I don’t want to post another blog about data centres but there is a good article that was sent to me (with some good links) about Iowa’s ability to attract big name data centres. I have posted at least 20-30 blogs and wrote several columns touching on this issue. I won’t go into it again in much detail. I will say this. Those large data centres are energy hogs. They need the electricity of a small pulp mill. Iowa has some of the cheapest electricity in the U.S. – and has anchored much of its economic development around that – first for power intensive agrifood prodution, now increasingly biofuels (which require significant electricity in the production process) and now data centres.
As far as I can tell, very few of these large scale data centre are locating in large urban centres. They are locating in upstate New York, Iowa and the farmers’ fields of Washington State. There is increasingly proof that smaller urban and rural areas can take advantage of IT-based economic development. The issue, as usual, is the ability to develop a compelling value proposition for those small urban/rural regions. That can be cheap power, it must include skilled workers, etc.
There is hope for a place like New Brunswick – which will not be able to base its economic development on natural resources – to have succssful economic growth but it will be based on this province’s ability to be a great place to do business – for specific industry sectors. It would be impossible to build a broad value proposition that was attractive to all industries. We need to focus – and in fact we always have – now we need to refocus on new 21st century industries. Think about the 20th Century. NB’s economy was based primarily on natural resources and much of the infrastructure developed to support those industries. Now, natural resources are in decline as a percentage of the overall economy and will likely decline even further (although always remaining a major contributor to the economy). So the issue for NB is where will we go next?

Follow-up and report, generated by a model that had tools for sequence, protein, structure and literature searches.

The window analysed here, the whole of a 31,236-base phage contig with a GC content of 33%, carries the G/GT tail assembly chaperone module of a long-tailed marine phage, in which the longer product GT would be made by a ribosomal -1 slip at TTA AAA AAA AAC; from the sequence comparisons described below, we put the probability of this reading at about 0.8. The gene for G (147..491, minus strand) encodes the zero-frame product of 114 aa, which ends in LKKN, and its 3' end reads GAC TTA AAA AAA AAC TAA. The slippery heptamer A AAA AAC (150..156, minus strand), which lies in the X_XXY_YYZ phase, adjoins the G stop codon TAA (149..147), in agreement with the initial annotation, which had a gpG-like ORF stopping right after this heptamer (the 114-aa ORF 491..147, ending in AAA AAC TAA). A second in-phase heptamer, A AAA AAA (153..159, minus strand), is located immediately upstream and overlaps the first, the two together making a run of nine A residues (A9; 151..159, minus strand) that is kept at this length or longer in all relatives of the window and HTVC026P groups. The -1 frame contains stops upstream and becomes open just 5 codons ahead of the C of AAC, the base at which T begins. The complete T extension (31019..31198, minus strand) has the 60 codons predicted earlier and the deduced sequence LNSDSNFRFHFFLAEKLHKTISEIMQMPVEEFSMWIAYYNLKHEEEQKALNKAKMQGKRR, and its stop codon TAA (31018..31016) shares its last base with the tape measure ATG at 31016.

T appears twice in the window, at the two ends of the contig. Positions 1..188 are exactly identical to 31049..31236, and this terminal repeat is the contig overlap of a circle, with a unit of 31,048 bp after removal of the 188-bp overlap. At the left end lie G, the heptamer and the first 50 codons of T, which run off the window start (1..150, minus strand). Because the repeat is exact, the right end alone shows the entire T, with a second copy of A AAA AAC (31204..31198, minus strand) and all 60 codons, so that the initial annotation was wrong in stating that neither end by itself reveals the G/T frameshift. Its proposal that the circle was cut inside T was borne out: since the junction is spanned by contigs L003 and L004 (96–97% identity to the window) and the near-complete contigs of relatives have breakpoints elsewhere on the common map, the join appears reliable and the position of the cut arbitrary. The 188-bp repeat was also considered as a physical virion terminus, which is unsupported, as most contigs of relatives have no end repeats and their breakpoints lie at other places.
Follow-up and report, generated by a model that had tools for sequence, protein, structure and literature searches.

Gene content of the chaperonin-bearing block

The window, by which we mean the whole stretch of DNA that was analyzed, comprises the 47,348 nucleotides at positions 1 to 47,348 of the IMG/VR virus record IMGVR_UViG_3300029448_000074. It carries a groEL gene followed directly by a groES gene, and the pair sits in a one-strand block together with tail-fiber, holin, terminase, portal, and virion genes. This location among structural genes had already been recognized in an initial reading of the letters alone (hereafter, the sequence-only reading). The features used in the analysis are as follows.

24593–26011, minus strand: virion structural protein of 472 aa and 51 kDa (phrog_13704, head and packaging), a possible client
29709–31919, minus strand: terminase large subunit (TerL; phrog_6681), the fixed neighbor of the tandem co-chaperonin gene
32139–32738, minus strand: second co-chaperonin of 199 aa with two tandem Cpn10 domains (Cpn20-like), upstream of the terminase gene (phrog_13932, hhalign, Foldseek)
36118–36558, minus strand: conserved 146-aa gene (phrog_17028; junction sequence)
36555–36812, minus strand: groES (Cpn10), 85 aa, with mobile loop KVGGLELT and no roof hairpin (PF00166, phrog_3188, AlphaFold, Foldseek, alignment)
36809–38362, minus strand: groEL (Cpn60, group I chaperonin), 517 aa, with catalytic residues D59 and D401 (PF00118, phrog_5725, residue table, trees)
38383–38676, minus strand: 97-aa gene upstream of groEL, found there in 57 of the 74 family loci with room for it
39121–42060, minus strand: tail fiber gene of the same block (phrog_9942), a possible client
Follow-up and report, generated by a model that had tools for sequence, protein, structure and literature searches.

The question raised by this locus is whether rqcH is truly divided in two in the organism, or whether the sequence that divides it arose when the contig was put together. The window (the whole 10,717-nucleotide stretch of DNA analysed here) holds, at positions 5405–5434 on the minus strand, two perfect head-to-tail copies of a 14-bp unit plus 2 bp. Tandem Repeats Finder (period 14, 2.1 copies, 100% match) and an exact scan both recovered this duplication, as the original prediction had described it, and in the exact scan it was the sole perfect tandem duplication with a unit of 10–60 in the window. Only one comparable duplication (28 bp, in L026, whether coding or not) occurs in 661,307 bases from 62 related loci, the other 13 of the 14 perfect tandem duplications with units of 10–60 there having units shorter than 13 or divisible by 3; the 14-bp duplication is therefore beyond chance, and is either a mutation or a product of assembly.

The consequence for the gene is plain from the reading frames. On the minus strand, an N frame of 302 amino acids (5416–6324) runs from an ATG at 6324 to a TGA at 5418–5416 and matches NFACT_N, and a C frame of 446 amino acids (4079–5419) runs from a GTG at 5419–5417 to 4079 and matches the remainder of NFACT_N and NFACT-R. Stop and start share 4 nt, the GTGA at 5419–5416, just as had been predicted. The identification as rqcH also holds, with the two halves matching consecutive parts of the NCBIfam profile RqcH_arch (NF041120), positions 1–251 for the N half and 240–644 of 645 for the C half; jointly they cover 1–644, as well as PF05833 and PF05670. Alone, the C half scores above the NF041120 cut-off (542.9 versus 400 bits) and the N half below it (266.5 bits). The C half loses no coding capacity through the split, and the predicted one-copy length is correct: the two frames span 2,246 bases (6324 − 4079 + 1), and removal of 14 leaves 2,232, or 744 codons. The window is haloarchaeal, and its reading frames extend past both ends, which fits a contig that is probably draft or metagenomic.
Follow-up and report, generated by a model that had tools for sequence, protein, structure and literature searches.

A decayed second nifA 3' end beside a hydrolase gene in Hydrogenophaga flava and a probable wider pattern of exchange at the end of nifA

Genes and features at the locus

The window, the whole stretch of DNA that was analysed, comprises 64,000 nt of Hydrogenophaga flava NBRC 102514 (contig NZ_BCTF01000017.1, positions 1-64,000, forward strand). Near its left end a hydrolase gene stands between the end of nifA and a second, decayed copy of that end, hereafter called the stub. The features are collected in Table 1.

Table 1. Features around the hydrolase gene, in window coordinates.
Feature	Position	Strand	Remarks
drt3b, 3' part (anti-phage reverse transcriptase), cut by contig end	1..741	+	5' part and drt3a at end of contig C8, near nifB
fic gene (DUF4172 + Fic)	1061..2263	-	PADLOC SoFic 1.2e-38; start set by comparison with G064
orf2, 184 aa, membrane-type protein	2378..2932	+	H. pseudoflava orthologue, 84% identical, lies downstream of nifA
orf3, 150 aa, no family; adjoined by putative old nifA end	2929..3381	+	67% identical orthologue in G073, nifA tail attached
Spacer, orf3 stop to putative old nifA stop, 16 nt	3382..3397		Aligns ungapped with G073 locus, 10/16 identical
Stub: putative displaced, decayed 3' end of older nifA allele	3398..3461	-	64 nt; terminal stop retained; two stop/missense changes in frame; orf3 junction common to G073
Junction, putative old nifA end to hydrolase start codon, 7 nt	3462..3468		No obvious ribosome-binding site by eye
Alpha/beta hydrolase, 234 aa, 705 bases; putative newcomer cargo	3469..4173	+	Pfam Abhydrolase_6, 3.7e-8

Some will argue energy – nuclear, LNG, Eider Rock (oil), wind, etc. I tend to agree with the energy focus but my issue is engineeing the energy hub to mean cheap energy here in New Brunswick – to attract power intensive industries.
Some say – and have told me – that it is Soviet-style planning to ‘pick’ one industry over another and focus on it. I disagree – wholeheartedly. Government has access to scarce resources. It can only direct them in certain ways. If the government is going to invest in areas that influence economic development (from tax policy to education policy to infrastructure) it should make those investments in ways that will generate the best return to the public on those investments and focus must be the key. Ontario has spent billions to develop the auto sector. Quebec billions on pharma. BC billions on new media/film. Alberta billions (in forgone royalties/taxes) to develop the oilsands. All could have said “We can’t focus. That’s Soviet-style planning”. But all didn’t and have strong value propositions to develop those industries in their provinces.
What industries have a compelling value proposition to invest in New Brunswick?
That’s the question.